The key value you need to calculate is the Moon Zenith Angle ((Moon Phase Angle (or called Position Angle of the Moon's Bright Limb in Jean Meeus's book) minus Moon Parallactic Angle)). You also need a have a correct/current Moon Phase with North-up orientation (vertical Moon Phase with Rabbit ears at 90 degree clockwise from North Starting Moon Position) to start with (I can get the current Moon Phase png file from CumulusMX software, it always produces the current Moon Phase with North-up orientation. I can also DIY the current Moon Phase, though a bit complicated. Let me know if you want to know how.). From there, you may follow the orientation logic from my python code below based on the above assumption. I've verified its orientation with timeanddate moon phase website, Stellarium, and Skysafari.Click this link for the current oriented Moon at my Lat 14d N, 100.5E: current oriented Moon Phase

#def moonorientation():
# compute moon zenith angle, alitude, and azimuth at current time
# compute moon orientation as seen from my location by rotating moon.png...
# ... which is a moon phase image created by CumulusMX, and then save the rotated moon phase...
# ... in /var/www/html/moonphase_CumulusMX_rotated.png
from skyfield.api import N, E, load, wgs84
from skyfield.trigonometry import position_angle_of
from skyfield.framelib import ecliptic_frame
import datetime
# get current time in utc
now = datetime.datetime.utcnow()
ts = load.timescale()
t = ts.utc(now.year, now.month, now.day, now.hour, now.minute, now.second)

eph = load('de421.bsp')
sun, moon, earth = eph['sun'], eph['moon'], eph['earth']
# find Moon phase (0-180 = new to waxing to full moon, >180-0 is waning moon)
e = earth.at(t)
_, slon, _ = e.observe(sun).apparent().frame_latlon(ecliptic_frame)
_, mlon, _ = e.observe(moon).apparent().frame_latlon(ecliptic_frame)
phase = (mlon.degrees - slon.degrees) % 360.0
print("moon phase (180deg=full)",phase)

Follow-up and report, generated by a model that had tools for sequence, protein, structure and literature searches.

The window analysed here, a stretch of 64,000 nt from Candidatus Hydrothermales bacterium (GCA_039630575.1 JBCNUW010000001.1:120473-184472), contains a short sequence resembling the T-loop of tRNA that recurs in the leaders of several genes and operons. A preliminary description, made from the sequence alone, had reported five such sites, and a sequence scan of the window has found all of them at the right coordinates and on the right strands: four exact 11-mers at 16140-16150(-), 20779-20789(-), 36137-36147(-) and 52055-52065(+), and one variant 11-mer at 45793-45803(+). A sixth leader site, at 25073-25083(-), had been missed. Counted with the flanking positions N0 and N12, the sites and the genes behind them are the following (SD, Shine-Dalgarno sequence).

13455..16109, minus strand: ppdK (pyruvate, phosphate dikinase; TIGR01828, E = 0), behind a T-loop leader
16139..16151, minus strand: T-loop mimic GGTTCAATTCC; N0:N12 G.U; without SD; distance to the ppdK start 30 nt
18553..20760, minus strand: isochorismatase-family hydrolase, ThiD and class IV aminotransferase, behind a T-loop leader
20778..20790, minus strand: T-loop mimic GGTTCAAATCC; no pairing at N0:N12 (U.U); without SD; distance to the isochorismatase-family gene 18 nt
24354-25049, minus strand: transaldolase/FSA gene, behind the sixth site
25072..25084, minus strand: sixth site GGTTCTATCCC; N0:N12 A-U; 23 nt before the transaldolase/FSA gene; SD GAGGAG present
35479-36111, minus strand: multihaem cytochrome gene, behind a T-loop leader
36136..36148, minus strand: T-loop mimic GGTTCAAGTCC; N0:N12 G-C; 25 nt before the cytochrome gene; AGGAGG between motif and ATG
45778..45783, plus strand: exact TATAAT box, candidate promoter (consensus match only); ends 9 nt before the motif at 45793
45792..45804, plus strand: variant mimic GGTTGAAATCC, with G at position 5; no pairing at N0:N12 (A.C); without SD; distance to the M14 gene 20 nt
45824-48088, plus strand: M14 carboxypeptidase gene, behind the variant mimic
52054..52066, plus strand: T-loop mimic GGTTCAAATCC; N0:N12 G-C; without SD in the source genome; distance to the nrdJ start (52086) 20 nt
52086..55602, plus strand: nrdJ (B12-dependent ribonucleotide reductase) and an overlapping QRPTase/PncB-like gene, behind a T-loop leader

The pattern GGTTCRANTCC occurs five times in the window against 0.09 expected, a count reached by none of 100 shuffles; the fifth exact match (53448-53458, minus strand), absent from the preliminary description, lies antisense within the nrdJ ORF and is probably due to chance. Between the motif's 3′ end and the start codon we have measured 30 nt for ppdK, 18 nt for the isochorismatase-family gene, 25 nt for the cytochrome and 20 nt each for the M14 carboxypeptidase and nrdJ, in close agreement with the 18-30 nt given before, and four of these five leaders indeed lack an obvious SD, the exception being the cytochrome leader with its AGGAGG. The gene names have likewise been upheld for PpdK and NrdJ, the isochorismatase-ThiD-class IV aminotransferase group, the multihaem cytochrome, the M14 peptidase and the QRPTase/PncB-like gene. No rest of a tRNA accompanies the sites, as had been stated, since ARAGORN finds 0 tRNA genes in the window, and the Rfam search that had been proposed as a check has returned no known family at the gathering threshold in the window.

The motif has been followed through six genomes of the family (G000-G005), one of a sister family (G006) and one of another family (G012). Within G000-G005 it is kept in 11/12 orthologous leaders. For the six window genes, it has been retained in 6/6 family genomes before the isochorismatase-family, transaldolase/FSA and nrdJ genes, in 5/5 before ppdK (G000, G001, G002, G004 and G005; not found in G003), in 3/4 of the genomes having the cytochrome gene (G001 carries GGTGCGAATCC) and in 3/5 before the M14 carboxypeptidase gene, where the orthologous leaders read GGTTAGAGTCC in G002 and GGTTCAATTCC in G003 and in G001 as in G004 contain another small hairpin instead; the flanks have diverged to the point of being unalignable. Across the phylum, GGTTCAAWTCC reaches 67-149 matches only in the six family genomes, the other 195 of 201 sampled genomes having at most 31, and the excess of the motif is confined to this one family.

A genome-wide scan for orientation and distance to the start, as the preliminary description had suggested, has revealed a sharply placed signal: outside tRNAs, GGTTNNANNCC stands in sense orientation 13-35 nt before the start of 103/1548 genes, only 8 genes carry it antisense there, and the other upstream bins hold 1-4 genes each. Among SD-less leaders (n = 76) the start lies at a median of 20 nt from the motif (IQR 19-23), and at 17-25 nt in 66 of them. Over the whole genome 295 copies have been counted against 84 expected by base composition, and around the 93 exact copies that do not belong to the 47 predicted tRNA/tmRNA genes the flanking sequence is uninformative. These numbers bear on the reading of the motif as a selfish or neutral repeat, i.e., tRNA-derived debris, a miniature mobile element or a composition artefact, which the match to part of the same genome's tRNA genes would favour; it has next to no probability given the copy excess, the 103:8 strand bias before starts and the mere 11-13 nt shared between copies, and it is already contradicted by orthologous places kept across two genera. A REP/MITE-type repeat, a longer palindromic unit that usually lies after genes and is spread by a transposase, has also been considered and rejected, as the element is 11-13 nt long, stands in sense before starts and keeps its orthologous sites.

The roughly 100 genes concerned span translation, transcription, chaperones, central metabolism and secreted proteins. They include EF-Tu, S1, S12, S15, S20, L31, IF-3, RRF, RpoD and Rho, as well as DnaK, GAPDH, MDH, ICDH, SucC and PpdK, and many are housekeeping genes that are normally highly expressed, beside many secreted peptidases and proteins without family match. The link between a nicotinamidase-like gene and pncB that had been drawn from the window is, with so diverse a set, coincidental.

# find moon zenith angle, need observer location
# set my location
myLat = 13.71732
myLng = 100.5907
europacafe = earth + wgs84.latlon(myLat * N, myLng * E)
b = europacafe.at(t)
m = b.observe(moon).apparent()
s = b.observe(sun).apparent()
#print(position_angle_of(m.altaz(), s.altaz()).degrees)
moonangle = position_angle_of(m.altaz(), s.altaz()).degrees
print("zenith moon angle: ", moonangle)
# compute moon phase bright limb degree to be oriented from what seen at north pole
if phase > 180: #waning moon
    moonorient = moonangle - 90
else: #waxing moon
    moonorient = moonangle + 90
# as rotate function in html is limited to +180 and -180, so need adjustment
if moonorient > 180:
   moonorient = moonorient - 360
elif moonorient < -180:
    moonorient = moonorient + 360
moonorient = moonorient * -1

print("moon phase rotation angle, from upright phase, at my location: ", moonorient)  
# from the above angle degree, rotate clockwise if it is positive degree
#return moonorient

# rotate moon phase (py rotate +deg = anti-clockwise)
from PIL import Image 
img = Image.open(r"/home/bthoven/CumulusMX/web/moonES.png")
#rotate_img= img.rotate(moonorient, resample=Image.BICUBIC, expand=True)
rotate_img= img.rotate(moonorient * -1, resample=Image.BICUBIC)
  • $\begingroup$ It looks like you need an external file "de421.bsp". Can you add to your answer where it can be obtained? Thank you. $\endgroup$ Feb 13 at 11:31
  • $\begingroup$ It will automatically download when you run the python script, if it has not been previously installed. $\endgroup$
    – bthoven
    Feb 14 at 12:30
  • $\begingroup$ Thanks you. I didn't know that. That would make it easy. $\endgroup$ Feb 15 at 1:38
  • $\begingroup$ just finish my blog detailing 3 ways to get Moon phase, including all the codings. You may check it out here bthoven.blogspot.com/2022/02/… $\endgroup$
    – bthoven
    Feb 15 at 4:27

The Moon's or a planet's bright limb orientation can be obtained by calculating the Position Angle of the Moon's Bright Limb. For detailed explanations and formula, you can see the following source:

Jean Meeus, Astronomical Algorithms, Secon Edition, 1998, PP 345-347